By Yaromir Steiner
The emergence of the place as the anchor
There is a seismic shift taking place in the bedrock of retail real estate development. Like the tectonic forces that move continents, the shift is gradual, but it is also profound: the definition of what constitutes an anchor in a retail or mixed-use development is changing once again.Traditional department store anchors have long since ceded much of their space to a new generation of anchor concepts that includes entertainment anchors like multiplex theaters and large scale destination stores that can generate interest and drive regional traffic. But there is a relatively new and emerging anchor concept on the retail real estate landscape and it has important implications for how we design, develop and experience the commercial developments of tomorrow: the place is the anchor.
What does that mean?
The place as the anchor is a shorter way of saying that the collective commercial, entertainment and experiential power of the space—which includes not only the retail energy, but also the aesthetic appeal, the authenticity and usability of the built environment, and the social potential—takes on a life of its own and becomes a brand unto itself. To use a baseball analogy, it’s the equivalent of a team that, instead of relying on one or two overhyped stars, assembles all the pieces of a winning team in all facets of the game—offense, defense and pitching—and injects new life and energy into the ballpark with more comfortable seats, tastier food items and engaging programming to entertain the fans. When done well, the result is a better fan experience, higher attendance, a favorable bottom line for ownership, and a team that wins a lot of ballgames.
When we talk about place-making in the industry, this is the end game. Visitors, residents, and guests are not attracted to these retail and mixed-use environments in search of one particular retail brand, they come because they enjoy everything about the project. It’s not about a logo, it’s about an experience.
This is not necessarily a revolutionary concept. Projects like Crocker Park in Cleveland, Ohio; Easton Town Center in Columbus, Ohio; The Grove in Los Angeles, California; Zona Rosa in Kansas City, Missouri; and City Place in Palm Beach, Florida have all leveraged their experiential power and memorable place-making potential to go beyond the traditional anchor concept and establish the place itself as the anchor. And these pioneers will not be on their own for long: innovative new developments are already coming online (with more in the development pipeline) representing a new generation of projects that have paid less attention to inking one or two premier anchor tenants and more attention to establishing a vibrant tenant mix, and to creating great spaces, places and experiences.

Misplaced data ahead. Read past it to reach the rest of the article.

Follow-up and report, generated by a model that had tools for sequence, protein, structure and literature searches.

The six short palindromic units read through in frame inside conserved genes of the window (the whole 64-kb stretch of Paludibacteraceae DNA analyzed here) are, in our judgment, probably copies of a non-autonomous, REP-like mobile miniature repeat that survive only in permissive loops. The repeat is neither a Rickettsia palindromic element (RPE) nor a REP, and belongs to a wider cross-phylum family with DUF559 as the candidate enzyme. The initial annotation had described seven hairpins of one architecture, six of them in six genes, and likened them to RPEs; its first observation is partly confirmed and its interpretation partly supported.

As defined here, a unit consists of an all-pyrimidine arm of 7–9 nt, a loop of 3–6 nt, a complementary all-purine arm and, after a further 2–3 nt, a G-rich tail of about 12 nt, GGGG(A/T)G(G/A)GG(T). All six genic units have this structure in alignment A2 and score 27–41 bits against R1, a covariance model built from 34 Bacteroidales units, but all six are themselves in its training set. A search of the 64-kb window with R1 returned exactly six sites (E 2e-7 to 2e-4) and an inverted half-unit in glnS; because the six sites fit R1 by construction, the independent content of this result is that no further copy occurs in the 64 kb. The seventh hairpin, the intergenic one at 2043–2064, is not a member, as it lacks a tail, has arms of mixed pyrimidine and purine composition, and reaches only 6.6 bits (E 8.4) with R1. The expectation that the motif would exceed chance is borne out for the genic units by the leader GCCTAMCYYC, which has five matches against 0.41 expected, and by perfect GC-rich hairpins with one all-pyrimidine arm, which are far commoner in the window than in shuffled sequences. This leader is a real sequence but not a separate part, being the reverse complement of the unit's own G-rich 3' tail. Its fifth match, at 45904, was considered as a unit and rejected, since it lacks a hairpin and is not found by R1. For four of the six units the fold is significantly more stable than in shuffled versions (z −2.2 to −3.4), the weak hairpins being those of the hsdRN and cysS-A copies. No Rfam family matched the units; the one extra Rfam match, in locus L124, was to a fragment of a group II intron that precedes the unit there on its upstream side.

This trend is being driven by two primary factors: the emergence of strong retail brands and the reintroduction of leisure-time uses into the retail mix. The former, which is both a contributing factor to and a direct result of the diminishing role of department store anchors in design decisions, is also spurred along by the growing consumer preference for “direct access” to brands. The latter has helped to re-establish the social role of the marketplace, reinforce the importance of open-air environments, and remind architects and developers alike of the need for authenticity in the built environment.
How does the place become the anchor? This is not something that is easy to do, and it rarely—if ever—happens by accident. There are certain key characteristics that all great place anchors share: compelling public spaces, a mix of uses, open-air environments, the utilization of traditional urban design principles, the integration of leisure time uses, and the creation of not just commercial, but civic and social hubs. The best part is that these concepts are not only already out there, they are performing well. They are creating an experiential loop where visitors stay longer and spend more, while they themselves contribute to the all-important human energy that makes the best public spaces so dynamic and engaging.
So where does this leave retail real estate development? What is the impact on this trend on the future? Over the next 25 years, I suspect that this gradual change will continue to move forward, slowly replacing the traditional mall model with the next generation of New Town Centers. These New Town Centers will have the critical mass to become self-sustaining regional destinations (a minimum 500,000 square feet of retail space), with office, residential, services and hospitality components integrated vertically or immediately adjacent to retail uses. Buildings and streets in the New Town Centers will be constructed at the human scale—designed for people, but able to easily accommodate vehicles—and authentic public spaces and natural gathering spaces will serve as social “anchors” within the project. Unburdened by the ponderous weight of traditional anchor restrictions and the stale development formulas of the past, the New Town Centers of the future will be their own anchors, free to explore new ideas and fulfill their commercial and experiential potential.